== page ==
The FSW category is prescribed as a class of persons who are skilled workers, who may become permanent residents on the basis of their ability to become economically established in Canada, and who intend to reside in a province other than Quebec.
- Minimum Requirements
- Language Ability
- Six selection factors
- Proof of funds
- Principal applicant
- Other requirements
- Family Members of Skilled Workers
- Refusal of Application
Skilled work experience
Your work experience must be:
- at least one year (1,560 hours total / 30 hours per week), continuous full-time or an equal amount in part-time,
- paid work (volunteer work, unpaid internships do not count),
- in the same NOC skill type (0, A or B) ,
- within the last 10 years, and
- at skill type 0, or skill levels A or B of the 2011 National Occupational Classification (NOC).
30 hours/week for 12 months = 1 year full time (1,560 hours)
15 hours/week for 24 months = 1 year full time (1,560 hours)
30 hours/week for 12 months at more than one job = 1 year full time (1,560 hours)
You must take a language test approved by Citizenship and Immigration Canada (CIC) that shows you meet the level for speaking, listening, reading and writing.
You must meet the minimum level of
- CLB 7 (English) or NCLC 7 (French) for your first official language in all four language abilities.
To get points for your second official language, you must meet the minimum level of CLB 5 in all four language abilities.
You must have:
- a Canadian secondary (high school) or post-secondary certificate, diploma or degree,
- a completed foreign credential, and
- an Educational Credential Assessment (ECA) report from an agency approved by CIC. [The report must show your foreign education is equal to a completed Canadian secondary (high school) or post-secondary certificate, diploma or degree.]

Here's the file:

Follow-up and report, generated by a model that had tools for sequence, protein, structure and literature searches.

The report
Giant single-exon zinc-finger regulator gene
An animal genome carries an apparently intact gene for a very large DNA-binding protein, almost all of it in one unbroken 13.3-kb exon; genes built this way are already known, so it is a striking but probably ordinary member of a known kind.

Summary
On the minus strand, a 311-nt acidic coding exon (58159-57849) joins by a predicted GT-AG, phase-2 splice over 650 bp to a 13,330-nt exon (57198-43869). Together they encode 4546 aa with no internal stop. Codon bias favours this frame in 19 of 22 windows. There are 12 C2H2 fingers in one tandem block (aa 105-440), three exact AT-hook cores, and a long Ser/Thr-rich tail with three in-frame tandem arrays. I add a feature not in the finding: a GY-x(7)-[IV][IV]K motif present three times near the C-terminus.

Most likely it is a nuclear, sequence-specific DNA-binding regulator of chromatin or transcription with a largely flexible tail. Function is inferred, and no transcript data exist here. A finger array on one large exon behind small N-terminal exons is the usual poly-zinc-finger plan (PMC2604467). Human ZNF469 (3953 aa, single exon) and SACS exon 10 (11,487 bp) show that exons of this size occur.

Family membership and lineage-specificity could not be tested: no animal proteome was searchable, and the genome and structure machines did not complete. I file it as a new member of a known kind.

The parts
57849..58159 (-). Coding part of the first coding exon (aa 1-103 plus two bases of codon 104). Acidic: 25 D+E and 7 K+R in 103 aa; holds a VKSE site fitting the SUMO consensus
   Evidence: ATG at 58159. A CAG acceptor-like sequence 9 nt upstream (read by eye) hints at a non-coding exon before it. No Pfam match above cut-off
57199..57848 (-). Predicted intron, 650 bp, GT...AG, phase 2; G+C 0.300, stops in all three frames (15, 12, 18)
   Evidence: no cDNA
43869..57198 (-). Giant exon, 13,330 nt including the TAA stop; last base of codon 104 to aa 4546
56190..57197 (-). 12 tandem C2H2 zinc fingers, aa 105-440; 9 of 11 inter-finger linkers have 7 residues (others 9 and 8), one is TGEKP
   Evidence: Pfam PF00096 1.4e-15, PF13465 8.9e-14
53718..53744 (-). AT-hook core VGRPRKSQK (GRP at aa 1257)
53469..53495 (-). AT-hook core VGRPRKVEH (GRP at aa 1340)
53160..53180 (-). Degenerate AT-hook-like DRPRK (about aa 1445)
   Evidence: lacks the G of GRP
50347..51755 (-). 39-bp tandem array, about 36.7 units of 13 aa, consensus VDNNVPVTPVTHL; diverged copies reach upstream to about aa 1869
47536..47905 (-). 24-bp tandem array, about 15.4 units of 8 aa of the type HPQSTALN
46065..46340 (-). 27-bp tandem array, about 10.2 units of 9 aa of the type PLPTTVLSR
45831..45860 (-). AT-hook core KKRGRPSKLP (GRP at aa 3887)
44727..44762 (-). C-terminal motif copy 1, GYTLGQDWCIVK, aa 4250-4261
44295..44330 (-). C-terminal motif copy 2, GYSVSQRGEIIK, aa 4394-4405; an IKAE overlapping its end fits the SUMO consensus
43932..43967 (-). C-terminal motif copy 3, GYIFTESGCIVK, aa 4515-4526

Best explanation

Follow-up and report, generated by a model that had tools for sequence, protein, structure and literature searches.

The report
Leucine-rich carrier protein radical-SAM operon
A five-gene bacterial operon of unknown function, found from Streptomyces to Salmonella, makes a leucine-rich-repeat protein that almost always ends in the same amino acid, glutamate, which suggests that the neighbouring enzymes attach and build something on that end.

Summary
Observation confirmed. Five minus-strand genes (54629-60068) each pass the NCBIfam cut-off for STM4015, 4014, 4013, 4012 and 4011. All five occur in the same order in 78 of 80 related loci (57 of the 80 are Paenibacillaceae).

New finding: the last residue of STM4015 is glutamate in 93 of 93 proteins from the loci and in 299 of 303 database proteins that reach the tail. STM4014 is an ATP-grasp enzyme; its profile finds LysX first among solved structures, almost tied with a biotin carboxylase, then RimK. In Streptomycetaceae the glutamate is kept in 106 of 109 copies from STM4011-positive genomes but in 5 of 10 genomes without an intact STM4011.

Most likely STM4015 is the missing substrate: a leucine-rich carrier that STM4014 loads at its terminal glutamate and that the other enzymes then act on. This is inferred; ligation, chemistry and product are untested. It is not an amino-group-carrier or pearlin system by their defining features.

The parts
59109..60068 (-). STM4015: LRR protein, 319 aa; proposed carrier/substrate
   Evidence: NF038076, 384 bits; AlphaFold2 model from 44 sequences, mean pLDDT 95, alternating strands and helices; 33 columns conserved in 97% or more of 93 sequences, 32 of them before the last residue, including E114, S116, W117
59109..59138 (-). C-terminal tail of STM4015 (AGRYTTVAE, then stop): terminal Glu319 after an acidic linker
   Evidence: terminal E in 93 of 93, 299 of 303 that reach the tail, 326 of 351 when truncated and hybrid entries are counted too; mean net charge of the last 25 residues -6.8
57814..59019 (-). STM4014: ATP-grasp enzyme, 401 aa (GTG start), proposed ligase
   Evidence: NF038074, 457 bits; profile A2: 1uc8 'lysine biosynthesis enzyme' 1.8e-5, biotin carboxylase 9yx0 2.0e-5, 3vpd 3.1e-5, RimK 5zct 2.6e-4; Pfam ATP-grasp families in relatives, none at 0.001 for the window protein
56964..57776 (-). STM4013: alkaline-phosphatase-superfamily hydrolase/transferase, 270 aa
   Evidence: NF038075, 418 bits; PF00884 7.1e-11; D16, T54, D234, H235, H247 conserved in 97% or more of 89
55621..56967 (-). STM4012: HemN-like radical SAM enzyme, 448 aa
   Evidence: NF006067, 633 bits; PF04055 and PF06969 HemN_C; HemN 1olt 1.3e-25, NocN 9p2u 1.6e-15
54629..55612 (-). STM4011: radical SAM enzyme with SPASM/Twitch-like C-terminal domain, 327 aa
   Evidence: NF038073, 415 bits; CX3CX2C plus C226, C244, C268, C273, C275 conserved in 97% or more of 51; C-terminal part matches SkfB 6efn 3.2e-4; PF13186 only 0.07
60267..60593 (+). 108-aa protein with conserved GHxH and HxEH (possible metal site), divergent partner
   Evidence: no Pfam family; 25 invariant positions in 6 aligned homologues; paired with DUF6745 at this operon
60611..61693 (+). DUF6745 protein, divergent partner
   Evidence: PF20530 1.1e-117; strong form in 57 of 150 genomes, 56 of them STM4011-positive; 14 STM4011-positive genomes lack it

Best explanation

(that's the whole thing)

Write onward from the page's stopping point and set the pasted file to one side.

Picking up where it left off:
Six selection factors
If you meet all the conditions set out in the minimum requirements, we will assess your application based on the selection factors in the federal skilled worker points grid.
The selection factors are:
- your skills in English and/or French (Canada’s two official languages),
- your education,
- your work experience,
- your age,
- whether you have a valid job offer, and
- your adaptability (how well you are likely to settle here).
Proof of funds
You must show that you have enough money to support yourself and your family after you arrive in Canada, unless you:
- are currently able to legally work in Canada, and
- have a valid job offer from an employer in Canada.
If you are married or live with a common-law foreign national partner in Canada, and that person also meets the above conditions, you can decide which one of you will apply under Express Entry as a principal applicant.
A common-law partner is a person who has lived with you in a conjugal relationship for at least one year. Common-law partner refers to both opposite-sex and same-sex couples.
Look at each selection factor and see which one of you is most likely to meet the eligibility requirements and earn the most points. That person should apply as the principal applicant.
- You must be admissible to Canada.
- You must plan to live outside the province of Quebec.
Family Members of Skilled Workers